Radiocarbon testing at Oxford University dated the parchment to the time of the prophet, who is generally believed to have lived between 570 and 632.
"This manuscript could well have been written just after he died," said David Thomas, a professor of Christianity and Islam at the University of Birmingham.
"Parts of the Qur'an that are contained in those fragments are very similar indeed to the Qur'an as we have it today. This tends to support the view that the Qur'an that we now have is more or less very close indeed to the Qur'an as it was brought together in the early years of Islam."
Muslim tradition says the prophet received the revelations of the Qur'an between 610 and 632 — but it was not written down immediately. The first leader of the community after Muhammad's death, Caliph Abu Bakr, ordered the book to be written and it was completed by the third leader, Caliph Uthman, in 650.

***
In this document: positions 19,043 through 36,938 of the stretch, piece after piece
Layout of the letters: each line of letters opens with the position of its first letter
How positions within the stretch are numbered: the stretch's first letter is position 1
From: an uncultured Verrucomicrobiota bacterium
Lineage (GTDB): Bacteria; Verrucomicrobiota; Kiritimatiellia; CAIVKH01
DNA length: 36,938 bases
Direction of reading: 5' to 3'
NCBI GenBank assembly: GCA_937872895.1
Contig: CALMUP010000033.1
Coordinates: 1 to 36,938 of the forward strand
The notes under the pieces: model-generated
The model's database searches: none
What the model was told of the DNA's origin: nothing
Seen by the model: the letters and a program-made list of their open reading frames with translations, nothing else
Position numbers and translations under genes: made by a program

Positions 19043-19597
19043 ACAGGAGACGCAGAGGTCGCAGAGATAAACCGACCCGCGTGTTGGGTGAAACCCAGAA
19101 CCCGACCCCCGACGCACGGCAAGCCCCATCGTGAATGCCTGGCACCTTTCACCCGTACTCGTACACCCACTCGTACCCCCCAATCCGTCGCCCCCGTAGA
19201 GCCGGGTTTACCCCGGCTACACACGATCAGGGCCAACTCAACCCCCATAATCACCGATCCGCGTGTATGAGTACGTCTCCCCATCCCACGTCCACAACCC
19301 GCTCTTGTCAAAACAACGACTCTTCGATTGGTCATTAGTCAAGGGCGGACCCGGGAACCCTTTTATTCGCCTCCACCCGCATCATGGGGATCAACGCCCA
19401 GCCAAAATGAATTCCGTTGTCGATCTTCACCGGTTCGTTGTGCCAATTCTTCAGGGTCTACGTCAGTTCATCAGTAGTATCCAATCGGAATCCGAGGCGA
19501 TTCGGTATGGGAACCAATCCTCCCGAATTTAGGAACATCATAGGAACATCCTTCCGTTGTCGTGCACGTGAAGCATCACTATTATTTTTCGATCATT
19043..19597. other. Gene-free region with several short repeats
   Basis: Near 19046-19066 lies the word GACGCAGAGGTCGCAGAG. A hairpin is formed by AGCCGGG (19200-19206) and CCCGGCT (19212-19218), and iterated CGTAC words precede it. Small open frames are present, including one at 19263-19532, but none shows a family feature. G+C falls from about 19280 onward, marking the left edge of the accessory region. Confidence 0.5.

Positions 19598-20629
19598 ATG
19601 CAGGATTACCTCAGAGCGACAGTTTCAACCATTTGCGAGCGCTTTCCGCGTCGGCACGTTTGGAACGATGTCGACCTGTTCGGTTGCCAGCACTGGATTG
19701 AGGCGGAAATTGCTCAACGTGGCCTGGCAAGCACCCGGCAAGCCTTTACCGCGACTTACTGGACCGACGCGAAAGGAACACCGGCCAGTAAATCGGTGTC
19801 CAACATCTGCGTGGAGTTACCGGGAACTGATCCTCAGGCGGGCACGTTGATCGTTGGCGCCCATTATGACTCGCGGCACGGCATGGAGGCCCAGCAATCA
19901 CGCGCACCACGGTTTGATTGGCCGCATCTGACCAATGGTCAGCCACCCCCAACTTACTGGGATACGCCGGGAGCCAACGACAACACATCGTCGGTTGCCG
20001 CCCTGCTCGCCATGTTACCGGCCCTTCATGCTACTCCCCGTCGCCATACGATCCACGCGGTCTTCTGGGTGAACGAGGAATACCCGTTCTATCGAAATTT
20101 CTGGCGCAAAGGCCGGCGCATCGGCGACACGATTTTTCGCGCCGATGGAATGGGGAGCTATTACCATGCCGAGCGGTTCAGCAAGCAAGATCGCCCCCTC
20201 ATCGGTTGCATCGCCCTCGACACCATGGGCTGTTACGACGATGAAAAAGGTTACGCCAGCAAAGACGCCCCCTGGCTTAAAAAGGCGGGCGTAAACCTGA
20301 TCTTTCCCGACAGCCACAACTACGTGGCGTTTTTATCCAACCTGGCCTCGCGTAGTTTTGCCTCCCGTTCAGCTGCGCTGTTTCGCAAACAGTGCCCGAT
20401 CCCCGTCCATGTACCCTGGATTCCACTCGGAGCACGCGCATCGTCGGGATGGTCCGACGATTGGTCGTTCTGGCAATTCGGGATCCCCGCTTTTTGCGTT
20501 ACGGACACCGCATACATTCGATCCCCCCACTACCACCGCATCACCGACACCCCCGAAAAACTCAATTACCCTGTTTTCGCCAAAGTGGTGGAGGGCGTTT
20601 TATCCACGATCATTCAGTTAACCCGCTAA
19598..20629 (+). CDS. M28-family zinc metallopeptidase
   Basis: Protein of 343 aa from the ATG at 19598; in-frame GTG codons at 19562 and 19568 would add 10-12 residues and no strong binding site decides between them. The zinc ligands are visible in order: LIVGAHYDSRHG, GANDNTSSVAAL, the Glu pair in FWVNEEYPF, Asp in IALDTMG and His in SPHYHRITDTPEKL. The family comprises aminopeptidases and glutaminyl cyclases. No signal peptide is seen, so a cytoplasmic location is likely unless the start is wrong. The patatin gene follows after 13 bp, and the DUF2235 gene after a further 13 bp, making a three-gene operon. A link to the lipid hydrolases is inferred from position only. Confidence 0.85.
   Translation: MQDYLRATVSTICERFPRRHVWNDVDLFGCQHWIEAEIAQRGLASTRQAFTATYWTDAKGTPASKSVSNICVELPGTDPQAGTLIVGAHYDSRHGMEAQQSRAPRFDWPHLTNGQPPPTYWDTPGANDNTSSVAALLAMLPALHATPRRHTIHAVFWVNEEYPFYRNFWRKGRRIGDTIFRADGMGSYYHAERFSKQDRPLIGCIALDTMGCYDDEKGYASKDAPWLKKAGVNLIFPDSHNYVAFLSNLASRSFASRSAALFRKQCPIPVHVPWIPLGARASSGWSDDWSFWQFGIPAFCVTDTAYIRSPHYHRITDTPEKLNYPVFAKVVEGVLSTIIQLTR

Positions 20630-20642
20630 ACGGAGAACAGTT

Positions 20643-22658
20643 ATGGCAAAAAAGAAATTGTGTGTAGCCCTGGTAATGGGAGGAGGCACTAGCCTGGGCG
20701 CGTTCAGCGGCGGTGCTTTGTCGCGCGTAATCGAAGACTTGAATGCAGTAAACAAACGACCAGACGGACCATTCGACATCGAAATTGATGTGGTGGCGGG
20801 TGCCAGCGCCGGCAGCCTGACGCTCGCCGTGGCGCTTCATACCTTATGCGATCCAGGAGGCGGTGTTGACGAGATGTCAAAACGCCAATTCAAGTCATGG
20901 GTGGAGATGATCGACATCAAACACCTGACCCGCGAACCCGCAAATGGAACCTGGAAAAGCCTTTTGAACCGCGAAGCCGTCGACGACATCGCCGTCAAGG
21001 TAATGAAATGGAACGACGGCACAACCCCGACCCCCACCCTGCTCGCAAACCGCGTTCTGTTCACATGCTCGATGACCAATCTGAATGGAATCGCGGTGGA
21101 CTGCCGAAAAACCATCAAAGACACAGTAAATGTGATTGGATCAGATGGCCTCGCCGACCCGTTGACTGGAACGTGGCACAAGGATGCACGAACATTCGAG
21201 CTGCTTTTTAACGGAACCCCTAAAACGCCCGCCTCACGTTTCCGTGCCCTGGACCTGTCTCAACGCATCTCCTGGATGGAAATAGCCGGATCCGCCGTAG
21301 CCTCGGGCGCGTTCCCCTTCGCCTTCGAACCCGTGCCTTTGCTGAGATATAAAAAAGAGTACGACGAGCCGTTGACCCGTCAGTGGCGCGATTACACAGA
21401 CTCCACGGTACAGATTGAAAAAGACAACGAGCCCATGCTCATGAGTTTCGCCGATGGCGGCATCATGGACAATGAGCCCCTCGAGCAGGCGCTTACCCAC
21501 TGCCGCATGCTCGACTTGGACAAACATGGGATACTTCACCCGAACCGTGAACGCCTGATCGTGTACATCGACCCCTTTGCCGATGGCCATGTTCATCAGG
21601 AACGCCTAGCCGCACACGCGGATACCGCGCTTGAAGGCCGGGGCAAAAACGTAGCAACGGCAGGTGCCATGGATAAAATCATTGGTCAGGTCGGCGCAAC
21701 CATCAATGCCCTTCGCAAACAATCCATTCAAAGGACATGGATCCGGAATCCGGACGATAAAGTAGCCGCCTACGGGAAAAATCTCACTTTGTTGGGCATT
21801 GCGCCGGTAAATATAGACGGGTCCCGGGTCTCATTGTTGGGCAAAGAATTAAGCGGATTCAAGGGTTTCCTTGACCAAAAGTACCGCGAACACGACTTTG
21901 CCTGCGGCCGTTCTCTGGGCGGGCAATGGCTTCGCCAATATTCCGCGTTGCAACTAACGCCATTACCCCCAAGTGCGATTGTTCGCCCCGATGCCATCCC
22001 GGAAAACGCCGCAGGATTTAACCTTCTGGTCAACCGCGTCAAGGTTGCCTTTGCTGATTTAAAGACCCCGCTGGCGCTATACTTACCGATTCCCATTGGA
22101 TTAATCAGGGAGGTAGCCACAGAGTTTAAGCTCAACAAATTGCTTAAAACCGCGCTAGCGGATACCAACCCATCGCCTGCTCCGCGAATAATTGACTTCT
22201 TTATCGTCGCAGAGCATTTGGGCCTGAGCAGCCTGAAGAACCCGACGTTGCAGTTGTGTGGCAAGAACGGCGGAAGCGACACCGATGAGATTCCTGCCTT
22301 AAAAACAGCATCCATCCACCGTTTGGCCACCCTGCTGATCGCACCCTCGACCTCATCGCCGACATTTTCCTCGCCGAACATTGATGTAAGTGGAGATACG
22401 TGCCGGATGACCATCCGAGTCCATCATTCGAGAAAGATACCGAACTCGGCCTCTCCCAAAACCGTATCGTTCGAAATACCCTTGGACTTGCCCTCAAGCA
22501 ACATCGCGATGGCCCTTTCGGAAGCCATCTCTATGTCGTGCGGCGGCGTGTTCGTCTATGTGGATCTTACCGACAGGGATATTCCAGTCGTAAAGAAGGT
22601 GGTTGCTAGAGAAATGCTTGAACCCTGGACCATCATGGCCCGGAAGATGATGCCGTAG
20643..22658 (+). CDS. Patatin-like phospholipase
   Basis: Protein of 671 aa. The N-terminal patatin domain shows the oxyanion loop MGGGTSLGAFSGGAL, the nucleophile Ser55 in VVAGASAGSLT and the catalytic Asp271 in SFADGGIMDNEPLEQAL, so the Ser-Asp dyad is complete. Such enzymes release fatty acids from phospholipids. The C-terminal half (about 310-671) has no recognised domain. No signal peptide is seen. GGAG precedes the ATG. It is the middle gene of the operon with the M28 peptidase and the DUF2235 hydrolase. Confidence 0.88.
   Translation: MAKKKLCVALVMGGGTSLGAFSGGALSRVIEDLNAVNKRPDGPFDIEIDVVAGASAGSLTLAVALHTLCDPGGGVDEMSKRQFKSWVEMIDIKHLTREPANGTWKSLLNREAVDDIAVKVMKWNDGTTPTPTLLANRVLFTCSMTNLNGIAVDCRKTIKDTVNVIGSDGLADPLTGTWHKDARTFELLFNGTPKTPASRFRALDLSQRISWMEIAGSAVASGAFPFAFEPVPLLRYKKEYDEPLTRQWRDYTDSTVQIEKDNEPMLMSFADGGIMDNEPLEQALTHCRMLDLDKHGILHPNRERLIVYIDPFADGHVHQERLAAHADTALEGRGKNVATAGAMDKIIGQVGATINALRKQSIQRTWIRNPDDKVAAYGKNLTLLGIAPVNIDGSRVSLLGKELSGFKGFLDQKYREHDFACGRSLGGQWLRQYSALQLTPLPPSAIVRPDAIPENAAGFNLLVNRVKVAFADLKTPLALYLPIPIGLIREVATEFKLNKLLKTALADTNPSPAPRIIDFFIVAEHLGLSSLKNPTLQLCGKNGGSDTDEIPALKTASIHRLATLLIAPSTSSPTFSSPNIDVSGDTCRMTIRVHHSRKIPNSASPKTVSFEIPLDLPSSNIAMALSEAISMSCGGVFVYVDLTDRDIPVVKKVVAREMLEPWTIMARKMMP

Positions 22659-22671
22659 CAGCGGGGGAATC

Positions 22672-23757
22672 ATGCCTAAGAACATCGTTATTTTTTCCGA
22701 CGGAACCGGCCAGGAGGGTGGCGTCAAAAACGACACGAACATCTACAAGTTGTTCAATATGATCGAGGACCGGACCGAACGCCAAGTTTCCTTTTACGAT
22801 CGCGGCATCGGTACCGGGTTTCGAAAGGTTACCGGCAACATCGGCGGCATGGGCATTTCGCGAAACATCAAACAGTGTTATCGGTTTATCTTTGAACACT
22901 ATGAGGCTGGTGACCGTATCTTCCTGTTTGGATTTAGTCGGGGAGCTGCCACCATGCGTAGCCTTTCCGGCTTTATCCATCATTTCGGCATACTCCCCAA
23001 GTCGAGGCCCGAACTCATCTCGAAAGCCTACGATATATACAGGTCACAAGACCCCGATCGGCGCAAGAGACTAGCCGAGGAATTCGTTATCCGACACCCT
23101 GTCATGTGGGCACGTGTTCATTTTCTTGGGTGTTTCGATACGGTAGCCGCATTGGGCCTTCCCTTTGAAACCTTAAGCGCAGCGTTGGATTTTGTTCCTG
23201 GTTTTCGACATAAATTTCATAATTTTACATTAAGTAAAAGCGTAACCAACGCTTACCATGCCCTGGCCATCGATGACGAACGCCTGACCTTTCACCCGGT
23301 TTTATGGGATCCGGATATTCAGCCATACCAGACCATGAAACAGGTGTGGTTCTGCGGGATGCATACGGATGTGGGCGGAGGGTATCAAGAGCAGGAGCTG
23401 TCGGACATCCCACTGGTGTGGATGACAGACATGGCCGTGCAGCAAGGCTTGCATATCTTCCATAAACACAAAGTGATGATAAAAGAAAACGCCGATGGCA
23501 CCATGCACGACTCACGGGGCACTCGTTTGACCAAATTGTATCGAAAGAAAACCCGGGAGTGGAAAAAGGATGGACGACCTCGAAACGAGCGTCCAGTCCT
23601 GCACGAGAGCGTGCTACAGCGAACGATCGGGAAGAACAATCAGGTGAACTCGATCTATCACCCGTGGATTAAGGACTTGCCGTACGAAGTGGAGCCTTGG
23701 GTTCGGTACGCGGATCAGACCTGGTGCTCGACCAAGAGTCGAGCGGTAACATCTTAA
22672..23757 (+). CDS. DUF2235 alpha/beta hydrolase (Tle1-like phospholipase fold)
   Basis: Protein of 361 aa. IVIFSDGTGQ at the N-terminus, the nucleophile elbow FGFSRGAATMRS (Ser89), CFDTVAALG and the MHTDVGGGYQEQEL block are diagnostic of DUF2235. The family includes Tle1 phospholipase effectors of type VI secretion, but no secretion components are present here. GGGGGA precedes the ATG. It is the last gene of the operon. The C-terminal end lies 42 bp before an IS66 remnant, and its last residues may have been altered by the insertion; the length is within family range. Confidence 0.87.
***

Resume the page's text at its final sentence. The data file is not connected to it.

Thomas said the test suggest the animal from which the parchment was taken was alive during the lifetime of the Prophet Muhammad or shortly afterward. "This means that the parts of the Qur'an that are written on this parchment can, with a degree of confidence, be dated to less than two decades after Muhammad's death," he said.
The two parchment leaves contains parts of suras, or chapters, 18 to 20.
The manuscript has long been part of the university's Cadbury Research Library. But it had been bound improperly and was attached to the leaves of a similar manuscript that is not as old.